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Great American Outdoors


Try Fly Fishing

For those that haven’t tried fly fishing it can be intimidating. Most people have seen movies like “A River Runs Through It” and watched in awe at the beautiful casting. Even though Brad Pitt did some casting of his own, the shots that didn’t show his face weren’t him. They were done by a professional fly caster. But even that professional fly caster started as a beginner, not knowing what he was doing.

Personally, I have found fly fishing to be more intimate than regular fishing. You learn to not only read the water and what it’s doing, but the current entomology of the area. Those are both key to fly fishing and choosing the correct fly. Yes those are important in spin casting as well, but they’re engrained in fly fishing. But there is nothing like experiencing a rising trout sipping your dry fly from the surface.

Then there’s trips like I made into Rocky Mountain National Park with my buddy and fly fishing mentor Sam Erskine. It was a day trip in October 2017, and we were fishing one of the tiny streams in the flats. The stream was rarely wider than six feet but held lots of pressured fish, hiding under patches of ice. Our entertainment was an elk herd less than 100 yards away, being pushed back and forth by two competing bulls. Sam caught a small brook trout, I caught nothing, but it was still a great day.

Fisherman with spin casting or bait casting experience typically look at fly fishermen (and women) as odd. Mostly because they don’t understand the appeal. It doesn’t help that fly fishing has its own terminology/language that they don’t get. Fly fishermen talk about the weight and type of line they use, spin casters talk about line in test in pounds. Spin casters use lures, fly fisherman use flies.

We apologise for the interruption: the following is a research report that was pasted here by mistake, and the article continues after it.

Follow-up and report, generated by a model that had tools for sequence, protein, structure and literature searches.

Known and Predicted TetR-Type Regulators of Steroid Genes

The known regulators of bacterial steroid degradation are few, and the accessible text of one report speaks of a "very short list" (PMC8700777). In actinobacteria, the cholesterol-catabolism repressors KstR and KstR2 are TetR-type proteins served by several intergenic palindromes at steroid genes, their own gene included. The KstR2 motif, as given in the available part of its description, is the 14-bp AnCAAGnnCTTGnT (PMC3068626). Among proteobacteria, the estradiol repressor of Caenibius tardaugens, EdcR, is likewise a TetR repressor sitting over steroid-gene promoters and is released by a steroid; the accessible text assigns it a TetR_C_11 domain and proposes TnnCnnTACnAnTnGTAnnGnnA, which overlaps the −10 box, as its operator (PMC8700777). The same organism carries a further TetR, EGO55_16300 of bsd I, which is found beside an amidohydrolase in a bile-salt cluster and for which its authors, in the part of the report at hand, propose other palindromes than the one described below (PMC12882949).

Being a convert into fly fishing the first thing I would tell spin casters is that it’s the weight of the line that allows you to fly cast. They are used to casting heavy lures. If you try to “muscle through” casting a fly line it won’t work. Occasionally weight is added to fly line to get the flies down to where the fish are, but not always. It is all about technique and timing with lots of practice, but it’s not difficult.

Weather, especially wind, affects fly casting way more than spin casting where the lures are heavier and help compensate. Trees and brush along the banks of where you’re fishing also have greater impact on fly casting. The speed and types of currents in streams and rivers also influences your fly’s presentation to the fish. For these various reasons there are many different methods of fly casting, not just the traditional overhead cast. Casts such as the roll, reach, backhand, tuck, wind, and sidearm all have their useful place in your arsenal.

Besides learning fly casting, tying flies is also tons of fun and isn’t as difficult as it appears. The very first trout I ever caught was on an olive Woolly Bugger I tied in my first class (pics). There’s huge satisfaction in catching something on a fly that you’ve tied, it’ll make you smile big.

Another great pastime associated with fly fishing is learning how to build your own fly rod. It’s not near as difficult as it sounds and provides one more great satisfaction to this type of fishing. Like catching a fish on a fly you’ve tied, it’s also great excitement catching one a rod you built!

My suggestion is to find an organization, club or fly fishing shop that has instructors available to teach you. It’s much easier to have an experienced person to ask questions of while learning in lieu of watching a video. Remember to be patient “Rome wasn’t built in a day” and it’ll take time to get the hang of it. I will forever be grateful to Project Healing Waters Fly Fishing and the phenomenal people associated with it. Nothing but great friends and mentors for a lifetime of fly fishing adventures.



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